• Isn’t that what I said? If an employee is too expensive for the business, the business doesn’t hire.

      • Ralph Cramdown

        Bubbly, if employers wanted a more perfect market for labour, they’d WELCOME their employees swapping raise and bonus stories, the better to disseminate info on who they want to stay and who to go. You ever worked in a place like that?

        Do you also disagree that nominal wages are sticky downward?

      • OK, if you say so…
        It’s not just about the business case. But we discussed this in the past already.
        It works the other way around too. If the candidate doesn’t like the rate offered, he doesn’t take the job. So, no exploitation.
        And sometimes there is simply very limited match between the demand and supply. That takes time to resolve, no matter the business case.

      • Ralph Cramdown, I am not sure where you are going with this. There is no such thing as objectively perfect market. What employers want and what is “better” for them is subjective.
        (Btw, I have never seen a company where the employees are not allowed to swap raise and bonus stories. Most employees don’t do that for personal reasons)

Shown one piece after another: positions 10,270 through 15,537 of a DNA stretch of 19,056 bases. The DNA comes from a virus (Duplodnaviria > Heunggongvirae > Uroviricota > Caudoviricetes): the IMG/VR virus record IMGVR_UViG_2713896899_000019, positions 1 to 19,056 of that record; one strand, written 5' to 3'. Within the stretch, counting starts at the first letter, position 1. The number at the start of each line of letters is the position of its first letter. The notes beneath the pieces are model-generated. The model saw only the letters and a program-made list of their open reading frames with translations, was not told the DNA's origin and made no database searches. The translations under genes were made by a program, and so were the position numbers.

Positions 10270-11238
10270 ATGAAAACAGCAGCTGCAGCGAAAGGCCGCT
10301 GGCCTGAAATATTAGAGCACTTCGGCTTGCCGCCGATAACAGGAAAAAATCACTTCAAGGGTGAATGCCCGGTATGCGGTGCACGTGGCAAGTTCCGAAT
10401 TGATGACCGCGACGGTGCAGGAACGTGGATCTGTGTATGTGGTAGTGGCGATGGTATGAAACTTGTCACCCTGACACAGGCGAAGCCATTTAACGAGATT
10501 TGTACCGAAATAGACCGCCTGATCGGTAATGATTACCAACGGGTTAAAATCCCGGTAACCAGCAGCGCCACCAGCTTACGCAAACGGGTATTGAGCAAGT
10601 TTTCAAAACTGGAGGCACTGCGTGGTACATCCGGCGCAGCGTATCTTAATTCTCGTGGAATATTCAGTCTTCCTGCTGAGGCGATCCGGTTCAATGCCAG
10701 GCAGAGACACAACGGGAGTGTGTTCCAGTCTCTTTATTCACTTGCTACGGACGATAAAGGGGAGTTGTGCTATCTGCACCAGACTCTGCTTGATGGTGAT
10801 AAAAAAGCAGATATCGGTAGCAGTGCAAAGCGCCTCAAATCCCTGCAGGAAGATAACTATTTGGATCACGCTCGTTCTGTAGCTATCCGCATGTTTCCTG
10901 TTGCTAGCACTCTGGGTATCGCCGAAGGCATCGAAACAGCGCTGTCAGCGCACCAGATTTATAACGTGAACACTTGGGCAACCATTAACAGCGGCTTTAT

Anyway, your post really doesn’t have anything to do with what I was talking about. I was just objecting to Nemesis’ straw-man argument and conclusion about exploitation.

        “Do you also disagree that nominal wages are sticky downward?” Ditto. What has this to do with what I wrote?
        But no, I do not disagree. Nominal wages are sticky downward. Nobody wants to take less if he thinks he can get more. So?

      • Ralph Cramdown

        But Nemesis is right. The job market suffers from just about every classical market dysfunction. You’ve got your search inefficiencies, VERY imperfect and asymmetric information, wage stickiness, unequal bargaining power and often, plain poor bargaining ability, complex labour laws and regulations, threatened or actual government intervention and the list goes on.